Unlocking the potential of Sharing
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Unlocking the potential of Sharing



Continuing on from my last update, Sharing is Caring: Growing Economies, the sharing economy movement is gaining momentum around the world, and so it should.

Finding ways to combat the ever increasing cost of living, the wear and tear on our environment and our unfortunately learned ways of over-consumption, forever continue to be a concern. Luckily tech advancements, new digital platforms and start-ups are enabling supply and demand to be increasingly convenient, efficient, economical and environmentally conscious.

There are clear measurable benefits around sharing resources, but it goes far beyond just the numbers of the impact today, we need to look at the long-term picture of forever. So following are some of the things to consider and see how you can bring a little sharing into your own life.

  1. Sustainability and living

Since the emergence of the sharing economy there has been a reduction in physical waste and wasted resources. For example, not long ago, 80% of objects in a home were used less than once a month, and 95% of the time, cars were left unused. This was due to the culture of generations predeceasing Millennials, valuing ownership over the goods they purchased.

Within the past decade however, the growth-rate of cities, for the fist time since the 1920’s, has matched the growth-rate of suburbs. Densely populated areas do not allow for space, or cars… and typically in a large city, the cost of living is a lot higher, making those luxuries less accessible. There was a need and demand for “usership” and a new way of living and value system. The sharing economy may have started with people looking to monetise spare time and goods however the sharing economy is now being utilised as a mainstream source of income, and potentially living, for many.

The sharing economy is enabling retail and consumer goods to be used to their fullest instead of throwing them away when there is no longer a use for it. There is a decrease in the use of transient single-use products and an increase in manufacturing goods that are multifarious and durable.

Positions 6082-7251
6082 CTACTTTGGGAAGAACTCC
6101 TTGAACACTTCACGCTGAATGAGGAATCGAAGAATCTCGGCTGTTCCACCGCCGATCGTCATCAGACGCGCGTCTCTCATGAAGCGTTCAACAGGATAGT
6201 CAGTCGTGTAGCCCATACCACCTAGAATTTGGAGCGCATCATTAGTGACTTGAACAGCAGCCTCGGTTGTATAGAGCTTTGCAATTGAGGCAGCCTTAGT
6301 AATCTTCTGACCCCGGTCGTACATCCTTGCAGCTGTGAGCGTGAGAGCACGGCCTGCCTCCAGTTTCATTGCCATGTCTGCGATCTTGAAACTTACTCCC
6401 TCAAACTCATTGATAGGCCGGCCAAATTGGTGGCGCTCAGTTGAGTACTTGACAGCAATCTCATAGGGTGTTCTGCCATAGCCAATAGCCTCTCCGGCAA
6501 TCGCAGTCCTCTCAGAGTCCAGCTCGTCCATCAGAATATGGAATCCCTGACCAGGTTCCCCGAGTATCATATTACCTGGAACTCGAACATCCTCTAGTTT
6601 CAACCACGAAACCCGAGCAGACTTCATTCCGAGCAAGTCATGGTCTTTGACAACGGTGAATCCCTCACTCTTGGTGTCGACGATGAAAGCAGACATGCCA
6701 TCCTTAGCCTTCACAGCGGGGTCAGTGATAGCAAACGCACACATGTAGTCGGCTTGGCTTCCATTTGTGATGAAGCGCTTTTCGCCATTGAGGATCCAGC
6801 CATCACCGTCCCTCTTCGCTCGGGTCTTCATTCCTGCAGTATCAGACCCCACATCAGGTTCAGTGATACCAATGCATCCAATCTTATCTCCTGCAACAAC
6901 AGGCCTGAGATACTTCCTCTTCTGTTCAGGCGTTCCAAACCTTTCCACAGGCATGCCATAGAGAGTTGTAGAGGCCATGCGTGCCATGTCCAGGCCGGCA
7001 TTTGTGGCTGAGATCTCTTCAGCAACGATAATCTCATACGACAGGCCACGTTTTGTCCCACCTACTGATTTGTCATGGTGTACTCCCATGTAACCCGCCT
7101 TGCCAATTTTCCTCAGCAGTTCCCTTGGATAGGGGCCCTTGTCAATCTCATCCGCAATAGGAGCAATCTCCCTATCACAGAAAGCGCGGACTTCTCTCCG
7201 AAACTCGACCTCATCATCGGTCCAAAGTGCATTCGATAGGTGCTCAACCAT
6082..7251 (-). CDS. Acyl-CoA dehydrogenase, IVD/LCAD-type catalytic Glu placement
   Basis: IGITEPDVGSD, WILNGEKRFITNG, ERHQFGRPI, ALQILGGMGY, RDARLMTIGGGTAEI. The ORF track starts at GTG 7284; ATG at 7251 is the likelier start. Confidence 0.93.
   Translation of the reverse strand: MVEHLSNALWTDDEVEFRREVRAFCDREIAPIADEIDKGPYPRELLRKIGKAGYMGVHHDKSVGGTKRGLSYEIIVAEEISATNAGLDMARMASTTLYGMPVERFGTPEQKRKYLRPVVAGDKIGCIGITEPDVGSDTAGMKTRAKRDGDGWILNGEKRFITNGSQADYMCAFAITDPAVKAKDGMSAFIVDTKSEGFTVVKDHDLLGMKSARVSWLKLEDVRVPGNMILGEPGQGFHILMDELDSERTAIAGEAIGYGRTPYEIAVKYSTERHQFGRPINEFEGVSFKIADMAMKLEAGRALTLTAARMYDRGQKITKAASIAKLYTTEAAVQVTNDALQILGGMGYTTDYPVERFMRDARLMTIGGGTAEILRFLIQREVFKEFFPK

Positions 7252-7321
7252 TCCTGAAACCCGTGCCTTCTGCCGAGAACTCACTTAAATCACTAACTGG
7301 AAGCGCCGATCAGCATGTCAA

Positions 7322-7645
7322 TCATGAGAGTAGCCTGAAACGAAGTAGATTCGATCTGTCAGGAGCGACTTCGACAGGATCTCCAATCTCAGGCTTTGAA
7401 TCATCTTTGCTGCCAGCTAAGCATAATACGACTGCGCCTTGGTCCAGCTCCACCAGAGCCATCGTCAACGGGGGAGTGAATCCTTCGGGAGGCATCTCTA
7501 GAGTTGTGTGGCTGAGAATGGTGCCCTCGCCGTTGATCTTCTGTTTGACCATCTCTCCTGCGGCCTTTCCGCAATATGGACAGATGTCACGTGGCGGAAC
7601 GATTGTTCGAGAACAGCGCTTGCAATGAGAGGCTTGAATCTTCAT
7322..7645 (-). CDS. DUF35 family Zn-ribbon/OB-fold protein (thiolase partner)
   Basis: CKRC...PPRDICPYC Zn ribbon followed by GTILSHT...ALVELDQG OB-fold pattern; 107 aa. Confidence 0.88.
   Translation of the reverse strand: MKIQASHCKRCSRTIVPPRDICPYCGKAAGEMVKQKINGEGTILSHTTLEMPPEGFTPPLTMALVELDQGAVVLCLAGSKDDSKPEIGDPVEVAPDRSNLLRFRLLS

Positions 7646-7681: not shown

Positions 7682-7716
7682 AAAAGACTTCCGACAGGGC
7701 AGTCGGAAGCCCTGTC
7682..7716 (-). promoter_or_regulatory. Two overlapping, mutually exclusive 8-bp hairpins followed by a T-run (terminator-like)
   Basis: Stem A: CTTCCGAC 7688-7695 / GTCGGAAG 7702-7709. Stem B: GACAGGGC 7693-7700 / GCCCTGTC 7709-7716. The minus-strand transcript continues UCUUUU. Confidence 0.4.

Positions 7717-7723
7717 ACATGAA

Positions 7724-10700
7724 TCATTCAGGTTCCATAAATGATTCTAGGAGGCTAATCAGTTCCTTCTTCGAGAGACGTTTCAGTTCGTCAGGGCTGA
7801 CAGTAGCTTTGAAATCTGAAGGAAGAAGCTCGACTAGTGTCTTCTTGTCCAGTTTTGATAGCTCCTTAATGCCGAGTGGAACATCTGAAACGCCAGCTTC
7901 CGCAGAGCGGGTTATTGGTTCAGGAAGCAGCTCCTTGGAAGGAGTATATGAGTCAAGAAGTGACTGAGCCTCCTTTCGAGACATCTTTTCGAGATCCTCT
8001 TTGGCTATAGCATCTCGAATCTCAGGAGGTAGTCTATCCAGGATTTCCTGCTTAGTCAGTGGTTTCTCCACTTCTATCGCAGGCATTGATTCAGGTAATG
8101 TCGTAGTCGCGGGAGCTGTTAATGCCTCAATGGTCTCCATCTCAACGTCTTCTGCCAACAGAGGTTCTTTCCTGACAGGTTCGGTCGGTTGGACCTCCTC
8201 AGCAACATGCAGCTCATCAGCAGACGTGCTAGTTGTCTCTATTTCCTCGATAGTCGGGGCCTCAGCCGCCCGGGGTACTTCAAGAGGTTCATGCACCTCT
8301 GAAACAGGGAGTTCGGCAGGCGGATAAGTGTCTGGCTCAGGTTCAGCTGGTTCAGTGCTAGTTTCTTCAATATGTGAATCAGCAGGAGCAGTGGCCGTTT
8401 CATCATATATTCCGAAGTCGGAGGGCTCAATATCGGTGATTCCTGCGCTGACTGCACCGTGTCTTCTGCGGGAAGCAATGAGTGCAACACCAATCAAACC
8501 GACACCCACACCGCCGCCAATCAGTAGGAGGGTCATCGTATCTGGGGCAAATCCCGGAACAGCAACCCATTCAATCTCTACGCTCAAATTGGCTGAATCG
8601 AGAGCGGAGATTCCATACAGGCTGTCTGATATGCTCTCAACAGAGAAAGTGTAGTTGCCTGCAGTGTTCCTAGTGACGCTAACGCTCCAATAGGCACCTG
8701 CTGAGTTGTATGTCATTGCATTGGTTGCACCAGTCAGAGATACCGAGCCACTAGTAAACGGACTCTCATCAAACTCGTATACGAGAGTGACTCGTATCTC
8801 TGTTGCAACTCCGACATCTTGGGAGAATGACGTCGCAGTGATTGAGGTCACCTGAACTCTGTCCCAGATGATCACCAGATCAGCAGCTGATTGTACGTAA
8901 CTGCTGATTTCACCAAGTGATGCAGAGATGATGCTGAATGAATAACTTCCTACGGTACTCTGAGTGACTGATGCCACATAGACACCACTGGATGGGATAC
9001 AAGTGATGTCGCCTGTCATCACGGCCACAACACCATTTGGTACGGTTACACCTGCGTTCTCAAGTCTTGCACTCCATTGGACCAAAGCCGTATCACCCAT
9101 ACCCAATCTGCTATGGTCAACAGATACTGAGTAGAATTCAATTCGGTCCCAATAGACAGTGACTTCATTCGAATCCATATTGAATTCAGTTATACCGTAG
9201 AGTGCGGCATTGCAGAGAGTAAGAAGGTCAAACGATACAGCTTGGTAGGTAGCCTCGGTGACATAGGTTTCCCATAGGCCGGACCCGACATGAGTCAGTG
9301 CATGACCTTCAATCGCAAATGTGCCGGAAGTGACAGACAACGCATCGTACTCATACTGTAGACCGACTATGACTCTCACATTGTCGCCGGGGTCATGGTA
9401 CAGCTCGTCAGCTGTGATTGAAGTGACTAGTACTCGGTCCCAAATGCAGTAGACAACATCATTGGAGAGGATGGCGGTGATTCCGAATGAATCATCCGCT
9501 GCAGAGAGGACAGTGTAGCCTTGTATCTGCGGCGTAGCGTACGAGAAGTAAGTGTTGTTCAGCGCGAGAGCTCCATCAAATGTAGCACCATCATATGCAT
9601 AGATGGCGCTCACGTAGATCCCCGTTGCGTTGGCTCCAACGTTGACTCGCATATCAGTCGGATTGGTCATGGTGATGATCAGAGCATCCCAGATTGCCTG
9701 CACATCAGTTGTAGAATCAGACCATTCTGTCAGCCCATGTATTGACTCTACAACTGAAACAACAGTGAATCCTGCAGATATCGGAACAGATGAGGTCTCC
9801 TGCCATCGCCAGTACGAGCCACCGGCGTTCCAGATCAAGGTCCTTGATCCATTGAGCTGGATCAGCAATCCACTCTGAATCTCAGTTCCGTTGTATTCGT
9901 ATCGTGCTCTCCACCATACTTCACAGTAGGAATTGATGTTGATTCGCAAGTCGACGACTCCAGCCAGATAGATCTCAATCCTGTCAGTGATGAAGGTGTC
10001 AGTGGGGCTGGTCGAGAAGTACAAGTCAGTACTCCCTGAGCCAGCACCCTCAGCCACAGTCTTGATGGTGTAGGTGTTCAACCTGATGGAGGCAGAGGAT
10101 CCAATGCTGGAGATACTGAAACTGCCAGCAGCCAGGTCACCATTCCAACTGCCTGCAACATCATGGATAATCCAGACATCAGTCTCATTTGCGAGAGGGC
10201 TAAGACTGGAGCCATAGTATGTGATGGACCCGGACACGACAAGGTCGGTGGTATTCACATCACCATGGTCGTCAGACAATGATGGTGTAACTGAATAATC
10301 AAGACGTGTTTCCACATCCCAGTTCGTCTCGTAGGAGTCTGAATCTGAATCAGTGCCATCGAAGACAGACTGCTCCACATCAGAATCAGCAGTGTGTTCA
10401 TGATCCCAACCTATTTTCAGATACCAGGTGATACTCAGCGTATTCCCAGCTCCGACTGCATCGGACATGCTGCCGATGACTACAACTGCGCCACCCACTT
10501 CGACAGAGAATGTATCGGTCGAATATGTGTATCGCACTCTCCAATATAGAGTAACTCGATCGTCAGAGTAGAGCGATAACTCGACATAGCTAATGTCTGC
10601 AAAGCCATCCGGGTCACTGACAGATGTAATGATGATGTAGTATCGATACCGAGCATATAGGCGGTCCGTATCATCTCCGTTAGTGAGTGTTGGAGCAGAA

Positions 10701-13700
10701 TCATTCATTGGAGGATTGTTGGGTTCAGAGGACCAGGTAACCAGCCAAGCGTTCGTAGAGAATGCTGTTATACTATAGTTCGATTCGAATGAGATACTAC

Increased interest in the circular economy: “A circular economy is an alternative to a traditional linear economy (make, use, dispose) in which we keep resources in use for as long as possible, extract the maximum value from them whilst in use, then recover and regenerate products and materials at the end of each service life.” – wrap.org.uk

  1. Access over ownership

The marketplace was already primed for an access over ownership mentality as early proponents of subscription services such as Pandora, Spotify and Netflix led the way. Experiences or products that typically demand a high upfront cost can now be obtained at a much lower cost by mitigating ownership and paying for access instead. The burden, that is the costs often associated with ownership, and the complexity in maintaining an item or product are now mitigated. There are now also lower entry points to creating one’s own business or job, which means that there’s opportunity for everyone to have a slice of the pie.

  1. Connecting ‘haves’ with ‘needs’

While people have always bartered for services and traded, sites like craigslist don’t consolidate as well as the way Airbnb matches rooms with those who need it. Or how Zipcar matches cars with local people who need one. And, of course, The Room Xchange, which I am part of that connects busy hosts with a spare room, with guests, who exchange a couple of hours of help around the house each day in exchange for a place to stay. Through these platforms, products and services are now accessible to anyone, anywhere. Digital platforms create connections and matchups faster and easier than before and it enables people to fulfill needs and wants that they didn’t even know they had.

  1. The trust currency

Many early Sharing Economy movements start off community driven and local, where a sense of trust is established. The social currency of trust is what enables the commercialisation of these community driven movements, so that these Sharing Economy platforms are able to scale up and provide the benefits of affordability and convenience to more people.

The Sharing Economy uptake has been growing exponentially, with nearly half of US adults familiar with the Sharing Economy and two thirds of Aussies actively engaged in it. In Europe, sharers have benefited with average earnings of €2,500, which suggests that this could become important supplementary income streams for households in the future.

Australia’s sharing economy has increased in size rapidly over the past few years, growing from $14.5 billion in July 2016 to over $15.1 billion at current estimates.

The market for peer-to-peer (P2P) services, for example, is projected to grow to a whopping $55bn by 2021 – nearly a fourfold increase in five years. It is a HUGE opportunity.

There are over £3.5 trillion worth of idle human and physical resources in the world, and that’s just what we know of. Unlocking their potential could solve major global challenges that are happening as a result of the world’s changing demographics and needs.


I will add this again as I love it… “Alone we are smart. Together we are brilliant.” – Steven Anderson

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